(This answer may be too quick, but I’ve gotta get to work. I’ll check back in for a few minutes and then pick it back up later tonight.)Report

              • Avatar DensityDuck in reply to Stillwater
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                says:

                “[T]he conditions a voluntary contract must meet to exclude in principle the possibility of harassment are impossible to meet in practice, unless there’s an independent conception of harassment – a free standing one! – that is already viewed as morally wrong.”

                I do appreciate that you quoted me, but I think that if you’re going to say that banning harassment via contract is impossible because harassment can only be identified ex post facto, then how is it possible to write a law making harassment illegal? Is not law effectively a contract binding all of society?Report

              • Avatar Stillwater in reply to DensityDuck
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                says:

                DD, I’m not talking about legal mechanisms at this point, tho those considerations certainly enter into a comprehensive account of the issues we’re talking about. It’s also not to say that the issues I’m talking about entail – one way or another – a specification of legal mechanisms. But that entailment has to be shown, I think, rather than asserted. (I gotta get to work, so I’ll have to delay a mo’bettah answer til later.)Report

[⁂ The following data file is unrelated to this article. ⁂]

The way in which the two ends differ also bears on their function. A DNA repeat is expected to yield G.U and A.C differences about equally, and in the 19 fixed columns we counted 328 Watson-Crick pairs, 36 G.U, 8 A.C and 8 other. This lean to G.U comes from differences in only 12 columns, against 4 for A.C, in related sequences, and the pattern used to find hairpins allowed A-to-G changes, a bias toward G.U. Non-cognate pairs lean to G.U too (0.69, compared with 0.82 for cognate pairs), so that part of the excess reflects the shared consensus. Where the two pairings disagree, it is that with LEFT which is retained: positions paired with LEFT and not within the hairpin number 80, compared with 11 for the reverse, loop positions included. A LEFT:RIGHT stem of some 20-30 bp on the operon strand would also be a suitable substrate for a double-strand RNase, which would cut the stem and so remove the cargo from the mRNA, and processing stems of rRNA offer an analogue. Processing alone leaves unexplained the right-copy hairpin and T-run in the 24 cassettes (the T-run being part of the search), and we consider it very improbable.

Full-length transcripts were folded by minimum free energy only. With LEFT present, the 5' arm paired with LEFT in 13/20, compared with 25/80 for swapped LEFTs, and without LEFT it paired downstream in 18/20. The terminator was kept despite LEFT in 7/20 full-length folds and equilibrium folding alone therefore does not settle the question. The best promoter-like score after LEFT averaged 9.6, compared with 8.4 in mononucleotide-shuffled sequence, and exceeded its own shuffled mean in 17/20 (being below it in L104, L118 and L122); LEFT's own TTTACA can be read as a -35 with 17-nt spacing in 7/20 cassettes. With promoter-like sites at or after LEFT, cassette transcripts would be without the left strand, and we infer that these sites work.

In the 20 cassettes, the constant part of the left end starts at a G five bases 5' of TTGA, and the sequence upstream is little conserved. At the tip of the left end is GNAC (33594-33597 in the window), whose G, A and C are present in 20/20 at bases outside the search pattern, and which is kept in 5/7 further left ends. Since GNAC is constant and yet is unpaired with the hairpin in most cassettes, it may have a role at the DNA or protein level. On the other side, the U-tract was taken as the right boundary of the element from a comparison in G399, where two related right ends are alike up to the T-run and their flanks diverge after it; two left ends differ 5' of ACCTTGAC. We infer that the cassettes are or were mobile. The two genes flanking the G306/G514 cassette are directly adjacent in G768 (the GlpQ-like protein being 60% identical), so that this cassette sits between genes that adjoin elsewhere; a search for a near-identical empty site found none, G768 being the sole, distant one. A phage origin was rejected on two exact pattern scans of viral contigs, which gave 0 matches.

• Avatar DensityDuck in reply to Stillwater
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                says:

                Another post, addressing this:

                “[T]he libertarian must choose between accepting that workplace harassment is wrong full stop, which justifies state intervention, or they bite the bullet and say that it’s permissible because concluding otherwise means that rights, contracts and freedom from state coercion aren’t sufficient for a just society. Notice that nowhere in this argument the law, or legal mechanisms mentioned.”

                Okay, first off, the libertarian would argue that it’s not necessarily true that “wrong full stop…justifies state intervention”.

                To me, if you had to boil libertarianism down to a single sentence, it would be: “If the actions of private citizens can achieve a particular goal, then it is morally wrong for the state to act to achieve that goal”. Obviously this leaves out a lot of subtlety and special cases, but at the same time this sentence is at the base of every statement that a libertarian has made.